Judging judgment: what is implicit bias and why does it occur?

February 9, 2020

“We live in a racist culture. It is very hard for people…not to express unconscious racism. It’s something that we have to guard against diligently, particularly if we’re white,” Don Carney, director of Marin County’s youth court, said. 

Most people, especially in Marin, would say they are not explicitly racist. So, where is Carney’s claim coming from? He is referring to not our explicit but our implicit bias. Implicit bias results from the tendency to process information based on unconscious associations and feelings, even when these are contrary to one’s conscious or declared beliefs.

Not all implicit bias is harmful. In a benign example, if one was instructed to draw a lumberjack, their implicit bias would tell them to draw a man with a bushy beard, wearing a plaid, button-up shirt and suspenders, with an axe by his side. However, the implicit bias that creates the harmless lumberjack stereotype is the same that creates destructive stereotypes for race, sexuality, religion and gender.

These stereotypes are dominating institutions that were built to provide equal opportunities and treatment for everyone, especially our justice and education systems. Because of this, Carney has made awareness of implicit bias a priority to prevent corruption from occurring in his court proceedings. According to Carney, minorities start feeling the harmful effects of implicit bias as soon as they begin their education.

“[Implicit bias] begins really early—in preschool. Black males are the biggest targets [of implicit bias],” Carney said. “They may not understand it, but they can feel it. Feeling [implicit bias] consistently leads to a young person feeling marginalized, picked on and angry. Then, it becomes a self-fulfilling prophecy because they’ve been picked on and labeled from such an early age. It creates real problems in the developmental capacities of the young black man.”

Senior Luigyna Parfait has expressed frustration at the level of implicit bias she faces in the school system based on the color of her skin.

“People judge people by the way they look, the way they talk and in their actions without actually getting to know that person,” Parfait said. “I feel like teachers judge me a little bit based on how I look before they get to know me and think I might not do well academically.”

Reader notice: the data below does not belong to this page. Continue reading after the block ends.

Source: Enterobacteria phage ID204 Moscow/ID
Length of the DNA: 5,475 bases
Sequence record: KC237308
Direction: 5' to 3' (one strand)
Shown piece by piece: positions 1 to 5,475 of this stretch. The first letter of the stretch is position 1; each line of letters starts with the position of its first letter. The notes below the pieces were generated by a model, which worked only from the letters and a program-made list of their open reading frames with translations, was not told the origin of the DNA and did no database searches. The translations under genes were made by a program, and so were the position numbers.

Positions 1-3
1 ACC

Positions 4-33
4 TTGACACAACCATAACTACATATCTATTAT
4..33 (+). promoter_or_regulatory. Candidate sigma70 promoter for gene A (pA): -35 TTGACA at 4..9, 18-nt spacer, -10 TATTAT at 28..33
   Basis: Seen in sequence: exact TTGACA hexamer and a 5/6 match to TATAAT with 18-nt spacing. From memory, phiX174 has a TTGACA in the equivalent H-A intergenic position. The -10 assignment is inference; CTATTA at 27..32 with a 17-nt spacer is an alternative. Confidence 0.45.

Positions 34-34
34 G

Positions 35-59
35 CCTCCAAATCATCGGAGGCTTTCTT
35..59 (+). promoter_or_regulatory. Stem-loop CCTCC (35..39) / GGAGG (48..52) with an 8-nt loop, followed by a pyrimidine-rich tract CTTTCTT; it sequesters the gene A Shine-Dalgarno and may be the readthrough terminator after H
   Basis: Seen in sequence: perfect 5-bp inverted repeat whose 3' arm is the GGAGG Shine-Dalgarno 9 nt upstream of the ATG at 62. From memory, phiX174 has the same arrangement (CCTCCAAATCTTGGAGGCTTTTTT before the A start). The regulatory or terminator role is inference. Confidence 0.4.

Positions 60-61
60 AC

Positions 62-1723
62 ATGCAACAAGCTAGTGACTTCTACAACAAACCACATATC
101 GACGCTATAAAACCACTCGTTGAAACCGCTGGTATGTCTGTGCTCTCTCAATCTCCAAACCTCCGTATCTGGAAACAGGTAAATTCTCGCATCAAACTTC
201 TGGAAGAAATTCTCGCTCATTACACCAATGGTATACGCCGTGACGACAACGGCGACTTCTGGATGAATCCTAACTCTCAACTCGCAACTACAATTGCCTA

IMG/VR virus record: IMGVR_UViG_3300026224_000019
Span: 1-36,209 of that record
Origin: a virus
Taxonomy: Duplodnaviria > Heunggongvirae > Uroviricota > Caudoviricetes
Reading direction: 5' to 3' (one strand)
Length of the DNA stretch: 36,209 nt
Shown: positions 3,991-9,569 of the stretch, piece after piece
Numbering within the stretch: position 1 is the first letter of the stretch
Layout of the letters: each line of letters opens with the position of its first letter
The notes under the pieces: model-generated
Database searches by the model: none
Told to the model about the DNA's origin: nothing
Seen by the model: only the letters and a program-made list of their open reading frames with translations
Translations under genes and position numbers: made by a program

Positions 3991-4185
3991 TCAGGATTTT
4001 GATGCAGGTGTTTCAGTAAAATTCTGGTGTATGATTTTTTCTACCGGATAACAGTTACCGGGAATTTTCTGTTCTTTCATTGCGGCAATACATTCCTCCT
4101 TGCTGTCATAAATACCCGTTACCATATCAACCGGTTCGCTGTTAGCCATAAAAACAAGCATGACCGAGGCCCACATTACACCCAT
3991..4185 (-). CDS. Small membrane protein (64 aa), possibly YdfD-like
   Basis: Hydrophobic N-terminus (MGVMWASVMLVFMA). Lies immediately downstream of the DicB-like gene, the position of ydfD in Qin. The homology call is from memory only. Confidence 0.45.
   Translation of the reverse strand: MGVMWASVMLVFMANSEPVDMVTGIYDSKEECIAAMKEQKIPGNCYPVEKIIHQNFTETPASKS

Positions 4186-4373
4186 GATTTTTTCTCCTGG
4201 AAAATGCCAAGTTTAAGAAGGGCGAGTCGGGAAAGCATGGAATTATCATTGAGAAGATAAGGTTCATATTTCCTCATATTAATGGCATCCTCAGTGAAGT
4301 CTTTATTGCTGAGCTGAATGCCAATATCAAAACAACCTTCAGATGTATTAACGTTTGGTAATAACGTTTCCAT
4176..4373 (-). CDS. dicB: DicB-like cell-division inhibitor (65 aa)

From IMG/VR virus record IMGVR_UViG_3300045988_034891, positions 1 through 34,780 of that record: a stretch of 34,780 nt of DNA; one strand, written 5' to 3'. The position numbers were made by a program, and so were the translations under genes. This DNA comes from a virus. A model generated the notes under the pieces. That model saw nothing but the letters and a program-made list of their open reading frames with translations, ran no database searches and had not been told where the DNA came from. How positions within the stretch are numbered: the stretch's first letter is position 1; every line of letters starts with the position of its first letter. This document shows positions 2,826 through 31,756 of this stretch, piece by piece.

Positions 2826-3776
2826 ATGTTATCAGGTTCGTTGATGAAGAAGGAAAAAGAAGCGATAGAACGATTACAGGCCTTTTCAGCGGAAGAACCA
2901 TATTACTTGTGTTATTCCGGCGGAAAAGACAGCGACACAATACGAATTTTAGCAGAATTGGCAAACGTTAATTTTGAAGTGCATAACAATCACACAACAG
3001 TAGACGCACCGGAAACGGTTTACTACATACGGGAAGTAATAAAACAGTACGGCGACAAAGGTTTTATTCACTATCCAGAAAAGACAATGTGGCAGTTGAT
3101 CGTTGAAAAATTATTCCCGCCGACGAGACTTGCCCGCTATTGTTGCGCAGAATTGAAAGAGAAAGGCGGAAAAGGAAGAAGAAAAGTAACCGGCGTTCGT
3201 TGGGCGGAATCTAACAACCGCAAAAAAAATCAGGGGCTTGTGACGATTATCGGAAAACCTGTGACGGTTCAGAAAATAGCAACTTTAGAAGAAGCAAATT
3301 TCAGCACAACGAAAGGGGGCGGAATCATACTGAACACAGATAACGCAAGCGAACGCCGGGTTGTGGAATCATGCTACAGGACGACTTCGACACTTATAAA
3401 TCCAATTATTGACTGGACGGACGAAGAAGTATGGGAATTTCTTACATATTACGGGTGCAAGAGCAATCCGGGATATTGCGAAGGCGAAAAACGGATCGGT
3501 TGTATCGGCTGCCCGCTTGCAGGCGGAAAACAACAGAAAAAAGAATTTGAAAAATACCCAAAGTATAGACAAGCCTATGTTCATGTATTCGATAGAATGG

According to recent data from the U.S. Department of Education, black children are 3.6 times more likely to be suspended from preschool than white children. Black children account for roughly 19 percent of all preschoolers, but make up nearly half of all preschoolers who get suspended. As researcher Walter Gilliam suggested for NPR, teachers, both white and black, spend more time focused on their black students, expecting bad behavior.

Likewise, similar bias exists within the judicial system. A study conducted by the University of California, Davis in 2015 revealed that an unarmed black individual is 3.49 times more likely to be shot by police than their white counterparts. In some counties across California, that number can reach a ratio of 20:1, meaning black individuals face a risk factor 20 times greater than the average white individual. 

In an effort to combat this behavior, many courts mandate implicit bias education and prevention training for jurors, judges and advocates. Senior Jake Blum volunteers for Marin County’s youth court, a restorative justice program for minors. He has led several implicit bias trainings for youth court volunteers and can attest to the importance of acknowledging one’s own biases. 

“Race differences, age differences and class differences all have their own implicit biases—people can’t really apologize for it. That’s why it’s so important to recognize your implicit bias, especially important in youth court, because people come from all different walks of life into the program, and you really have to treat everyone the same,” Blum said.

Specifically, youth court participants have been trained through in-depth conversations on how their unprocessed judgments may affect respondents in court. Furthermore, they have learned how to avoid situations in which these judgments may be unfairly propagated. 

“Implicit bias can definitely be dangerous, especially in a situation where someone’s fate is being decided by a group of people. If they’re thought of in a negative light by one of the jurors, then it can really derail the whole situation,” Blum said. “It’s much better for someone to either remove themselves from a situation where they know that they can’t be unbiased or for them to realize what their biases are and try to limit their thoughts against it.”

In recent years, David Minhondo, teacher and advisor of the Students Organized For Anti-Racism (SOAR) club at Redwood High School, has observed how implicit biases can form in Marin.